In the life of many elementary schools comes the day when the whole class goes to the zoo. Weeks of planning, permission slip signing, fund raising, and volunteer wrangling are finally complete and the kids get on the bus. What a great day for everyone.
But wait. In certain school boards and police jurisdictions, such class trips, guest speakers and artists in the schools, visiting performers, and other wonderful and special learning experiences may well be a thing of the past -- and all because of "safety."
While I am absolutely neurotic about protecting children from harm, I also believe in thinking critically about how best to do this.
Some schools and school boards have recently decided that, in order to protect children, everyone who is to spend any time with students must first have a police records check. On its face, this may sound like a good idea. In practice, it is fraught with many problems.
There are three questions that we need to ask about this:
1)Why make the regulation? Just because our purpose is safety, and no one objects to safety, doesn't necessarily mean the regulation will be good. Doing something because it LOOKS like we are addressing a problem can, at times, be worse than doing nothing.
2) Will it work? Likely not: For example, we know that for every convicted offender, there is a FIRST time. Police clearance may mean that an offender simply has not yet been caught; When we think of offences such as child abuse, we know that offenders are often people well-known to the children, such as family members, clergy, or friends of the family. Yet we persist in focusing on "stranger danger." More importantly, criminologists tell us that there is no indication that a prior conviction is predictive of future behaviour.
3) What else will happen? What are some of the side-effects we should expect?
Are we keeping the right people away? Will keeping away the guest speaker who talks about what he has learned from his past criminal behavior make our children safer? Or will it mean that some children don't get to hear from someone who might keep them from committing crimes themselves? Will adults in marginalized families be kept from interacting with their children's schools?
British Columbia's Privacy Commissioner recently revealed that police retain records about, among other things, people who have called 911 for help during a mental health crisis, such as a suicide attempt. Just imagine, a child wants her grandmother to come to the zoo with her class, but she, and perhaps other family members, are unaware that at some time in the past, Grandma was admitted to hospital during a mental health crisis. Will revealing this information to the school make the students any safer on their trip to the zoo?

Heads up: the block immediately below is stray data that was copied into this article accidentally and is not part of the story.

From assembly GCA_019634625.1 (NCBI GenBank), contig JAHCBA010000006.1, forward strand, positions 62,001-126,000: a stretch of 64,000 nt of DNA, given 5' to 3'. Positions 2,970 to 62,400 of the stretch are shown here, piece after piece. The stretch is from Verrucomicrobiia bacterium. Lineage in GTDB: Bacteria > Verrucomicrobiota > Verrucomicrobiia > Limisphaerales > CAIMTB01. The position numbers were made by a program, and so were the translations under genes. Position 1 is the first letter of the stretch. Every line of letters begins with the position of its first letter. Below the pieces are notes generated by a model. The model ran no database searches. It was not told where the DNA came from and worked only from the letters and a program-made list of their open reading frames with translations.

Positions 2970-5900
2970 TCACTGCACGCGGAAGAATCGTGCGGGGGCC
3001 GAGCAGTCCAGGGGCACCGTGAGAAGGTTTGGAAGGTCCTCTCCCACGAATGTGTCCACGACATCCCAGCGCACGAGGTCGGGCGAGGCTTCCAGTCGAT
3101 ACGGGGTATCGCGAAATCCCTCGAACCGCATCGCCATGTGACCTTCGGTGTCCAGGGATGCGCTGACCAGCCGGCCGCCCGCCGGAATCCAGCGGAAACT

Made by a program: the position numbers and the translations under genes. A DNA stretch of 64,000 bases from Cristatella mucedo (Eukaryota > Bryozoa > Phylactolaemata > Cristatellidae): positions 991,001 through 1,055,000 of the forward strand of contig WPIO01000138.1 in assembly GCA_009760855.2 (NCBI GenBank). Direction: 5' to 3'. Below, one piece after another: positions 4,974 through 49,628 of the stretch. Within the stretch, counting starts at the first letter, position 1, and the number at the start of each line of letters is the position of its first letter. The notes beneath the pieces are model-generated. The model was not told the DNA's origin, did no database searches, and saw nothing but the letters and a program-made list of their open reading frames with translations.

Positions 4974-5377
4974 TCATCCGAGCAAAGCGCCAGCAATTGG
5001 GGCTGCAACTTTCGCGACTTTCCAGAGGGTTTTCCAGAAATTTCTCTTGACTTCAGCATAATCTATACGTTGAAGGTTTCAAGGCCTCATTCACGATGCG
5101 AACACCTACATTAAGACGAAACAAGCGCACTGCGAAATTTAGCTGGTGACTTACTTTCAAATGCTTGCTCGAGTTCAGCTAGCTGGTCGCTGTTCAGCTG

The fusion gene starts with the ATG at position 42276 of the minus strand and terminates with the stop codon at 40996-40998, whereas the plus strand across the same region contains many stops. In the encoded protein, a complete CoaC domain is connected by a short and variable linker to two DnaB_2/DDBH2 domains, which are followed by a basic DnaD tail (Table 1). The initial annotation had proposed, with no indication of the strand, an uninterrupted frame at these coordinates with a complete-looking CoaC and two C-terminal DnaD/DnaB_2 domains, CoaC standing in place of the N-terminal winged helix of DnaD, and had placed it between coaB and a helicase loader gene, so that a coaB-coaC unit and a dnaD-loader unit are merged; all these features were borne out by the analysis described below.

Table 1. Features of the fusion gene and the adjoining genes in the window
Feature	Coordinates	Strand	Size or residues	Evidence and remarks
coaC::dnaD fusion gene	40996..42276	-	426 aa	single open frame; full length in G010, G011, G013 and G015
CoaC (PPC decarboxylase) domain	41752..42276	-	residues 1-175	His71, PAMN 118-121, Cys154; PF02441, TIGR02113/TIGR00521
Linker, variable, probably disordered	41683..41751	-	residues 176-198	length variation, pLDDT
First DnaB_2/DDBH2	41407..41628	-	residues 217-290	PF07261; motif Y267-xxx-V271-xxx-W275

And what about families who have had other bad experiences? Grandma may have been living in an apartment with other family members when police raided the home. Grandma has done nothing wrong, but she was arrested along with the rest of the family. She was never charged, but now has a record of arrest that, according to a Canadian Civil Liberties Association report, can be revealed by a police records check. Will the students on the trip to the zoo be safer because Grandma isn't there? Or will the class trip be cancelled because Grandma can't volunteer?
And what about the length of time needed to get that police clearance in the first place? Well, the reason the child wants Grandma to come to the zoo may be that Mum is sick and can't go TODAY. It may take up to six months for the police to return the report --- and if Grandma wants to expedite the request, it will cost her even more than the usual fee, and still take more than a few days. The class can't wait -- and Grandma can't afford to pay a fee at all.
Guest speakers, special performers and occasional volunteers like Grandma are rarely if ever left in charge of students without the presence of other professionals. Teachers, child care workers, principals and other administrative staff have all had police clearances, as well as training in working with students. They are very likely to be present and in control of class situations.
While we cannot guarantee that these professionals themselves can keep all children safe at all times, we generally and with little fear, release our vulnerable children into their care. Monitoring, attention, and oversight can make a world of difference to safety. Police records checks? Not very likely.
While we are all in favour of keeping children safe, we need to think critically about the measures we take to do so. It is not enough to create the appearance of safety. We also need to avoid discriminating against people who are our likeliest allies. Please let Grandma come to the zoo, too.